Q-and-A: How do I know if an unsecured wi-fi hotspot is safe?

The team overseeing Technology OneSource, the managed IT services program that we offer here at NetGain Technologies, communicates regularly with our clients’ “end users.” One of the ways we connect with end users—basically, any of the clients’ employees who use a computer connected to a network—is by distributing a periodic, IT security-focused newsletter that promises “five minutes of managed security education” in every issue. Last week’s topic was “the dangers of unsecured wi-fi hotspots.” (It’s 531 words of great advice for dealing with unsecured networks.)

As the technical director of security at NetGain, I had consulted with Rob Wildman, our executive vice president–Services, on the newsletter’s content. So, Rob has forwarded along the comments he’s received, and has asked me to reply to a few follow-up questions raised by the newsletter. One reader replied to the email with an inquiry that is worth sharing: What protection is available when logging into legitimate wi-fi connections, like Starbucks?

Great question!

Here’s the scenario: An unsecured wi-fi hotspot that looks legit

You order your morning coffee at your favorite coffee shop. Now just sit back, relax, … and get hacked. It happens more often than you think.

Man-in-the-middle (MITM) attacks have hit Starbucks hard twice already this year, stealing customer information and even money. Starbucks is only a well-recognized example; this sort of data theft targets unsecured wi-fi hotspots at any local establishment.

So how does a MITM attack work? The hacker can set up a fake wireless access point (AP) that emulates the shop’s public (“free”) connection, often naming the connection so that it appears valid—effectively creating an unsecured wi-fi connection that looks like it’s official.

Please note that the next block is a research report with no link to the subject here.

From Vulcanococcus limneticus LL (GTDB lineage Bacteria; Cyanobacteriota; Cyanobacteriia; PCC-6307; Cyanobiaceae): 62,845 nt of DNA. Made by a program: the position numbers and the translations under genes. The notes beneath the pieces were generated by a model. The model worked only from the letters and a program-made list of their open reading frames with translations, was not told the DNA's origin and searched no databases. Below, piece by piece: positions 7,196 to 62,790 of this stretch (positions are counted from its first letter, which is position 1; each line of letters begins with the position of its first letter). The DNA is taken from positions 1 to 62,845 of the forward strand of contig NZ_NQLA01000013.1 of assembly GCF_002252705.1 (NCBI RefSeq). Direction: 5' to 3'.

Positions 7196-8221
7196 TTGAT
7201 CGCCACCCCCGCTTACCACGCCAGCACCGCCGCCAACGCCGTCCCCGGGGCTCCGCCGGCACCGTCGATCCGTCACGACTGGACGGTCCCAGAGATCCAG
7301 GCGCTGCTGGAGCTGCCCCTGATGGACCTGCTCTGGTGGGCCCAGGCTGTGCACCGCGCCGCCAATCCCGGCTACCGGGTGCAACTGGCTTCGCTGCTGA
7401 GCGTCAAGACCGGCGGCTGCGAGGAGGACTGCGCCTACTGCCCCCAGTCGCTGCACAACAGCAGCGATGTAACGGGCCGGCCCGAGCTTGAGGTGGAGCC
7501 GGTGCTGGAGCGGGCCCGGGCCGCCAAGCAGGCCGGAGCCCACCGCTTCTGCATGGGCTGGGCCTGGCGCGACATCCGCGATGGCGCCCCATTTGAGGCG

When users unknowingly connect to the fake AP, they unwittingly traffic all their information through the hacker’s laptop, enabling data collectors (key stroke loggers) to stealing every piece of information the users are transmitting. This data includes possible login credentials and passwords to emails, banking sites, social media profiles, and even company systems.

“But wait, all my connections are secure,” I hear. “The lock identifier on my browser indicates a safe connection.”

Unsecured wi-fi
That’s partially true. The lock indicator on the website means that the interface is using HTTPS (a secure connection) to protect the identity of the user and data transmitted. The hacker can defeat the HTTPS system. The hacker can actually intercept the URL request and send back a non-protected version of the website (including the lock icon) to further confuse the victim.

What can we do about it?

First, from a company directive, you must establish policy to never use a public (open) wireless hotspot for company systems access. Assume that every public system is an unsecured wi-fi connection.

In the cases where public wi-fi is the only available access, VPN solutions should be in place to protect the connection. Through a VPN, hackers cannot intercept the connection, as all the data that parses the VPN are now encrypted, and therefore unreadable.

Practice common sense. You should assume that if you use public wi-fi access, then everything that you do CAN (and probably is) being read.

Now, where’s the sugar and cream?

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